Erupting volcano cancels European flights

A volcano erupting in Iceland has disrupted European flights, including in and out of Switzerland, after authorities closed airspace over the north of the continent.

This content was published on April 15, 2010 - 21:58

By early evening on Thursday, 80 takeoffs and landings from Zurich had been cancelled. In Geneva, about 100 flights had been affected. Basel’s Euroairport was also hit.

In the same period the airline Swiss had had to cancel 70 European flights, its spokesman said. However, none of its planes was stuck outside Switzerland, he added.

Flights cancelled involve Britain, Ireland, France, Belgium, the Netherlands, Denmark, Norway, Sweden and Finland. One by one these countries have closed all or part of their air space since the Eyjafjallajokull volcano started spewing ash high into the atmosphere on Wednesday.

As a precaution, Swiss also cancelled Thursday evening flights to Berlin. Some transatlantic flights are delayed.

Hundreds of thousands of passengers are stranded all over Europe. It is not clear when flights will be able to restart.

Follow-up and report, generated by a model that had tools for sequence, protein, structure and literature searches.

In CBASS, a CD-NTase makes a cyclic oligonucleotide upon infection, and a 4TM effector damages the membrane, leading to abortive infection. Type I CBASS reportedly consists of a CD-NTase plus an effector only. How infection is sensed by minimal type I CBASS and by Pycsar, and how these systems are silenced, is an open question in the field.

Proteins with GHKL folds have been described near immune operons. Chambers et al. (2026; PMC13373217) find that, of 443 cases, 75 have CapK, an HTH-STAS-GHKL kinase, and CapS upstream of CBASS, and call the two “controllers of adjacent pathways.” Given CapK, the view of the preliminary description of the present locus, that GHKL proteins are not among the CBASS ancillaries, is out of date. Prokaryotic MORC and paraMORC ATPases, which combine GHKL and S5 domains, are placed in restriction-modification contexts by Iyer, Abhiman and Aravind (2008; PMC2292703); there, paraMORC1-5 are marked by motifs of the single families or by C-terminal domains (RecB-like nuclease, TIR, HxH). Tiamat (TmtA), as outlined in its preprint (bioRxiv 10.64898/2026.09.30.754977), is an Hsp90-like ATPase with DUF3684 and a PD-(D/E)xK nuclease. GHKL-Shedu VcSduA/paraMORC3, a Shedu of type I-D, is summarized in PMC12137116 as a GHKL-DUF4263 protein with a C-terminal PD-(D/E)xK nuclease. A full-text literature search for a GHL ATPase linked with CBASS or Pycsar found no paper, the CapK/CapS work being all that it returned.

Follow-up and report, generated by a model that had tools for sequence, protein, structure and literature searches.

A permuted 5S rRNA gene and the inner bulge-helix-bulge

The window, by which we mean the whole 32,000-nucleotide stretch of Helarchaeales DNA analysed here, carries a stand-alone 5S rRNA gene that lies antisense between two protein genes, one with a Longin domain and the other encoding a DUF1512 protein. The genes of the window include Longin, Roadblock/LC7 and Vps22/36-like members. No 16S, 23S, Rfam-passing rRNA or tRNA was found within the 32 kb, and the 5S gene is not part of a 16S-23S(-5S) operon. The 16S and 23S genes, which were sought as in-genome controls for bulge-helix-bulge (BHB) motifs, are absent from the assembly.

A volcano's smoke and ash poses a threat to aircraft because particles as hard as a knife blade ranging in size from 0.001 millimetres to 2 millimetres can get sucked into a plane’s engine, melt in the heat, and then solidify again, causing the engine to shut down.

That happened to a KLM flight near Alaska in 1989, when a 747 lost all power and dropped from 7,500m to 3,600m before pilots could restart the engines and land the plane.

The debris can also hinder visibility. In the 1980s a British Airways 747 flew into a volcanic ash cloud and the grit sandblasted the windscreen so thoroughly that the pilot had to stand and look out a side window to land safely.

The Swiss meteorological office says the cloud of ash drifting south-eastwards from Iceland will not pass over Switzerland. and agencies

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